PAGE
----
воскресенье, 12 января 2020 г.

In a nearby galaxy, a fast radio burst unravels more questions than answers


For more than a decade, astronomers across the globe have wrestled with the perplexities of fast radio bursts—intense, unexplained cosmic flashes of energy, light years away, that pop for mere milliseconds.

In a nearby galaxy, a fast radio burst unravels more questions than answers
An artist's conception of the localization of Fast Radio Burst 180916.J0158+65 to its host galaxy. The host galaxy image
is based on real observations using the Gemini-North telescope atop Mauna Kea in Hawaii. The impulsive burst
emanating from the galaxy is based on real data recorded using the 100-meter Effelsberg radio telescope
 in Germany [Credit: Danielle Futselaar (artsource.nl)]
Despite the hundreds of records of these enigmatic sources, researchers have only pinpointed the precise location of four such bursts.

Now there's a fifth, detected by a team of international scientists that includes West Virginia University researchers. The finding, which relied on eight telescopes spanning locations from the United Kingdom to China, was published in Nature.


There are two primary types of fast radio bursts, explained Kshitij Aggarwal, a physics graduate student at WVU and a co-author of the paper: repeaters, which flash multiple times, and non-repeaters, one-off events. This observation marks only the second time scientists have determined the location of a repeating fast radio burst.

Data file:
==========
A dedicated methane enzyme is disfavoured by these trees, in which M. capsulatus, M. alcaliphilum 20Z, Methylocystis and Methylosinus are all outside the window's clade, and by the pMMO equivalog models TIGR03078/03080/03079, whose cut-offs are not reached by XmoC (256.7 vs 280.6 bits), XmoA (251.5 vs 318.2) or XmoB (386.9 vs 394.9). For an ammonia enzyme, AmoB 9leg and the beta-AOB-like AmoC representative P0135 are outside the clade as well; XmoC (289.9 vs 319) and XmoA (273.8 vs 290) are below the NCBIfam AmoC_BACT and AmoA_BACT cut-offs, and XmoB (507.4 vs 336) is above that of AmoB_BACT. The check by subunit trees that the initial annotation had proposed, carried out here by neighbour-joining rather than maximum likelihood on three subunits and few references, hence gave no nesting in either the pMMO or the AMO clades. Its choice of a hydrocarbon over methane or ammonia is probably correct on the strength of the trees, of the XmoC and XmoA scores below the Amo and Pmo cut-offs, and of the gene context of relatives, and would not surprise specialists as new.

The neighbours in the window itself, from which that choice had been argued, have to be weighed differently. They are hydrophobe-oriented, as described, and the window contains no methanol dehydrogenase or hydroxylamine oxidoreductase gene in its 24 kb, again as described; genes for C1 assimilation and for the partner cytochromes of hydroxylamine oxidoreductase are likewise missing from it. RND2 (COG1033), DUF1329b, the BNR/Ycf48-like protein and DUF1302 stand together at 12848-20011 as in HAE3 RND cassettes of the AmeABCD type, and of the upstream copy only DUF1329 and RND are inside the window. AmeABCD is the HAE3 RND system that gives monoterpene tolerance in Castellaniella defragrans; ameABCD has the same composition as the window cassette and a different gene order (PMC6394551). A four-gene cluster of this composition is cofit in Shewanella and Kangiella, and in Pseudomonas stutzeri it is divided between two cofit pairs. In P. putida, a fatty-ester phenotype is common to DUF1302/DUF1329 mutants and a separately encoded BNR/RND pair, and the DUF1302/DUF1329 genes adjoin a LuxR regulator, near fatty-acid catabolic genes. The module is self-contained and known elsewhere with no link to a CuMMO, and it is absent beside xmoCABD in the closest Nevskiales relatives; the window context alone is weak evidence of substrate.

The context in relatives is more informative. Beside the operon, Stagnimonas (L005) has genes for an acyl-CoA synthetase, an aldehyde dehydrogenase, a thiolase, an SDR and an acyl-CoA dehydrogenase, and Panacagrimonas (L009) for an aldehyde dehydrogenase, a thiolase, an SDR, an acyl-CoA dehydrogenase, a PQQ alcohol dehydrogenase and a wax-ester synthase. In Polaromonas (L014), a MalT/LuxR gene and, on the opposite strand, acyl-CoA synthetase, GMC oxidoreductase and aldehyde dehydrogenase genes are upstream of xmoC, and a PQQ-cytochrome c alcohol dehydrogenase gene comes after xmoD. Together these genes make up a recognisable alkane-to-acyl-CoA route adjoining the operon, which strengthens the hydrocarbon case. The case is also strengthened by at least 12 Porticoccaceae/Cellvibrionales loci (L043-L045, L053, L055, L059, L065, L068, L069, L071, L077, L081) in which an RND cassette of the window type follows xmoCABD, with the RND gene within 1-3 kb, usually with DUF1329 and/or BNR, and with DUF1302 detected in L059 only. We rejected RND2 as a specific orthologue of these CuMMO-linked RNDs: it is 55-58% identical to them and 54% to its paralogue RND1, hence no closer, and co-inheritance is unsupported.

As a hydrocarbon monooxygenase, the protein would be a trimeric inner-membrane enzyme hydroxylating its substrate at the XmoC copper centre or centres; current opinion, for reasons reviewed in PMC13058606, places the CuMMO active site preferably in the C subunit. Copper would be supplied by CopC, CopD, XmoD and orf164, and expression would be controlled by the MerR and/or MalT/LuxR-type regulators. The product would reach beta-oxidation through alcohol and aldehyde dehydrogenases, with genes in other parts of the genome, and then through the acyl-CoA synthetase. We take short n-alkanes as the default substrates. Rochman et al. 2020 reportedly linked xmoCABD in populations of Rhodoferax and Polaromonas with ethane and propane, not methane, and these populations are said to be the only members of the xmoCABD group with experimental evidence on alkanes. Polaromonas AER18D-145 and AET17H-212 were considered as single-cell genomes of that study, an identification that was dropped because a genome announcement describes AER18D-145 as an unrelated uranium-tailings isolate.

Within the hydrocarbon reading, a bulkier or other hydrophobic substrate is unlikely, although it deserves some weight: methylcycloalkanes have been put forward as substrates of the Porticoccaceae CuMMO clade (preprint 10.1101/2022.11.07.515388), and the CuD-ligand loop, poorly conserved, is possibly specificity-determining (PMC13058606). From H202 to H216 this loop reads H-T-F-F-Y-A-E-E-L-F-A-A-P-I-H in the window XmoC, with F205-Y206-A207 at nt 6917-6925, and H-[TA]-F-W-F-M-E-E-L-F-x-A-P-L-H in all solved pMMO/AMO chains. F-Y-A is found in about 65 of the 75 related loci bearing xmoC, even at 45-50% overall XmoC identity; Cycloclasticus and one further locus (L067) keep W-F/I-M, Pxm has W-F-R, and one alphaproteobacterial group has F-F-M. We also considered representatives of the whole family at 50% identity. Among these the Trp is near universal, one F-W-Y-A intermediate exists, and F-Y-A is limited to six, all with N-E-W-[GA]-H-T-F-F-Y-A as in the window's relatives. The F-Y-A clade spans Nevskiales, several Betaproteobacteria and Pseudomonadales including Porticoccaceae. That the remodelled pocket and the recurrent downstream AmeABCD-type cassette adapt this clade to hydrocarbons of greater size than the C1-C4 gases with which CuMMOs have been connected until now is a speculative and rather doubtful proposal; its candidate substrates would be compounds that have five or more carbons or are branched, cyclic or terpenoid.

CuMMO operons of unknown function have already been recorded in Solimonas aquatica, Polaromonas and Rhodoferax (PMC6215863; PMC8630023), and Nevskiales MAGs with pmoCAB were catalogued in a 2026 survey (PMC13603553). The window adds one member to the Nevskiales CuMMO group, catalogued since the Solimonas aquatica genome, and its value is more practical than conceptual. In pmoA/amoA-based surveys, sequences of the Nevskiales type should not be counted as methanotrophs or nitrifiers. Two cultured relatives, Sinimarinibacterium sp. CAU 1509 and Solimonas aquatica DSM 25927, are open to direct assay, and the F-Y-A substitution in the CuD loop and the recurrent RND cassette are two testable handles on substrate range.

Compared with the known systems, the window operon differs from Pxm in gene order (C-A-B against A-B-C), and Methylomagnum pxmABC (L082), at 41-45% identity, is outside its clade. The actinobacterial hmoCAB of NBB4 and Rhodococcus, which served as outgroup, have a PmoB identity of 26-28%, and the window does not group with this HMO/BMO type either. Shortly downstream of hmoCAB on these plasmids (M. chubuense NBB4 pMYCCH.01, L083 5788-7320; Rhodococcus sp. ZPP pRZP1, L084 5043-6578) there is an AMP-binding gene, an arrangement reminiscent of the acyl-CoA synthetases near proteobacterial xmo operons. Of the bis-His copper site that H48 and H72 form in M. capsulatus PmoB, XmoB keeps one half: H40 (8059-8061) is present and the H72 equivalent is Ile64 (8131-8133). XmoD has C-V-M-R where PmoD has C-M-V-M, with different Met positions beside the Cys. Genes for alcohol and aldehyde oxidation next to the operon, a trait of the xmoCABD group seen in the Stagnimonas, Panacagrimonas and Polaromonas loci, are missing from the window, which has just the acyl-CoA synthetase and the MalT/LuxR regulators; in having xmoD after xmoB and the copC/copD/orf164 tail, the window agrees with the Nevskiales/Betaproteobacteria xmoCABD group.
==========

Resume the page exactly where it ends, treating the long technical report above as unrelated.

But the localization of this burst is not quite as important as the type of galaxy it was found in, which is similar to our own, said Sarah Burke-Spolaor, assistant professor of physics and astronomy and co-author.

"Identifying the host galaxy for FRBs is critical to tell us about what kind of environments FRBs live in, and thus what might actually be producing FRBs," Burke-Spolaor said. "This is a question for which scientists are still grasping at straws."

In a nearby galaxy, a fast radio burst unravels more questions than answers
Image of the host galaxy of FRB 180916 (center) acquired with the 8-meter Gemini-North telescope of NSF's OIR Lab
 on Hawaii's Maunakea. Images acquired in SDSS g', r', and z' filters are used for the blue, green, and red colours,
respectively. The position of the FRB in the spiral arm of the galaxy is marked by a green circle [Credit: Gemini
Observatory/NSF’s National Optical-Infrared Astronomy Research Laboratory/AURA]
Burke-Spolaor and her student, Aggarwal, used the Very Large Array observatory in New Mexico to seek pulsations and a persistent radio glow from this burst. Meanwhile, Kevin Bandura, assistant professor of computer science and electrical engineering, and third WVU co-author of the article, worked on the Canadian Hydrogen Intensity Mapping Experiment team that initially detected the repeating fast radio burst.

"What's very interesting about this particular repeating FRB is that it is in the arm of a Milky Way-like spiral galaxy, and is the closest to Earth thus far localized," Bandura said. "The unique proximity and repetition of this FRB might allow for observation in other wavelengths and the potential for more detailed study to understand the nature of this type of FRB."


Using a technique known as Very Long Baseline Interferometry, the team achieved a level of resolution high enough to localize the burst to a region approximately seven light years across—a feat comparable to an individual on Earth being able to distinguish a person on the moon, according to CHIME.

With that level of precision, the researchers could analyze the environment from which the burst emanated through an optical telescope.